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It’s Not Your Parents’ Custody Agreement

Parents are becoming increasingly creative with their child custody agreements. They believe that the usual practice of awarding primary custody to one parent and visitation to the other could be harmful to a child. The goal of non-standard custody arrangements is to minimize disruption in the child’s life and ensure that both parents have an equal role after a divorce.

5 Creative Child Custody Arrangements

If you are considering creating a non-traditional child custody agreement, perhaps these examples will spark some ideas for you to use.

  • Retaining the marital home for the children and having the parents rotate in and out on a weekly, bi-weekly or monthly basis. In some instances, parents remodel the home to include more bedrooms and suites to accommodate them. Parents who have done this report on the level of stability it provides; children don’t have to move to an unfamiliar location or shuttle back and forth between parental homes.
  • Abandoning the standard arrangement of one weeknight evening and every other weekend, changing to a mid-week overnight and a Friday through Monday weekend. This gives children ore equal amounts of time with each parent.
  • Splitting the children’s time with each parent equally, with the children living with each parent every other week or month. This works best when parents live near each other.
  • Having both parents remain in the family home after the divorce, with the only difference being a change to separate bedrooms. Parents who do this successfully report that it is the least disruptive for children but challenging for parents.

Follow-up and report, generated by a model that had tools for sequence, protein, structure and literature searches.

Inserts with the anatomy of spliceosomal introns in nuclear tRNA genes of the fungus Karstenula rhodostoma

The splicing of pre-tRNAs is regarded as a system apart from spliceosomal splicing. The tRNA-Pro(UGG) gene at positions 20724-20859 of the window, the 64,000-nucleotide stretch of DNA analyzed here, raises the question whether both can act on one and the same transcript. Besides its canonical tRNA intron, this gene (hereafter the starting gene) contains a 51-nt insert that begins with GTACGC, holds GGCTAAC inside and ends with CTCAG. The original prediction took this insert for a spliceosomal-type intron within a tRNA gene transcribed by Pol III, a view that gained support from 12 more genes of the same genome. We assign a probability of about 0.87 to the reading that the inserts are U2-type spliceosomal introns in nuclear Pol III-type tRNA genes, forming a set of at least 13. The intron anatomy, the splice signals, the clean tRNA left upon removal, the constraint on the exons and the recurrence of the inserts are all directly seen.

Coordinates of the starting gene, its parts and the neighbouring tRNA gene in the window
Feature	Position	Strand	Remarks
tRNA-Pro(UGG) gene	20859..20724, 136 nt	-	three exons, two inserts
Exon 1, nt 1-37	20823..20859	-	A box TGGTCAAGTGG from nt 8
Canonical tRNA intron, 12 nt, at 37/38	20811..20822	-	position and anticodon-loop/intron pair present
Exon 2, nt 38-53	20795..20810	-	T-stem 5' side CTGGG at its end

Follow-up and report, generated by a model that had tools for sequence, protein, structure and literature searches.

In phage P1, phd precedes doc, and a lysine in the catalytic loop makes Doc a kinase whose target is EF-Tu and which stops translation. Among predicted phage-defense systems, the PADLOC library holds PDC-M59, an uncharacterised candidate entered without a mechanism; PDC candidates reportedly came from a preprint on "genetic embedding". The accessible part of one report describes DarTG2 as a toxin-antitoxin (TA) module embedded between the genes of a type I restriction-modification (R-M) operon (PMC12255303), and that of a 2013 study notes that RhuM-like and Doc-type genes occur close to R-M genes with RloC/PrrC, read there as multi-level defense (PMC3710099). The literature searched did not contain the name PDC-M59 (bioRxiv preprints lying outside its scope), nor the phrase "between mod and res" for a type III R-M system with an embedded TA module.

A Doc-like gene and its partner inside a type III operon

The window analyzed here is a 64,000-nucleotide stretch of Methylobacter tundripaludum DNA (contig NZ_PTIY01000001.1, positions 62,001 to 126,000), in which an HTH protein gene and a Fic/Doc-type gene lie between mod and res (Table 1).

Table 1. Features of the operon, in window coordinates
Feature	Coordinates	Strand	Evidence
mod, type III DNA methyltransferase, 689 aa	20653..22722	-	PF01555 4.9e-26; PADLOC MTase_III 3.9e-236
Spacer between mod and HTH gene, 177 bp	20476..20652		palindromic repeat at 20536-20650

• Dividing time between both parents with one parent having the child on Mondays and Tuesday, the other on Wednesdays and Thursdays. Friday, Saturday and Sunday alternate every other week.
    This trend toward more flexible and creative custody agreements is happening across the U.S. But these schedules don’t work for everyone. For example, continuing to live with your ex, sharing meals and dividing chores all require excellent communication skills. It also requires an unwavering focus on the children’s well-being, something that is usually very difficult for divorced parents to maintain over the long haul.
    The bottom line is that the one-size-fits-all type of custody agreement is no longer the default position for parents who want to help their children thrive after divorce.

Want to Minimize Disruption to Your Child After Divorce? We Can Help.

Ae you hoping to arrive at the best possible child custody agreement? At Setzer Law Firm, our family law attorneys can help you develop the arrangement that minimizes disruption for your child, whatever the circumstances. Contact Jill and John Setzer to learn more.

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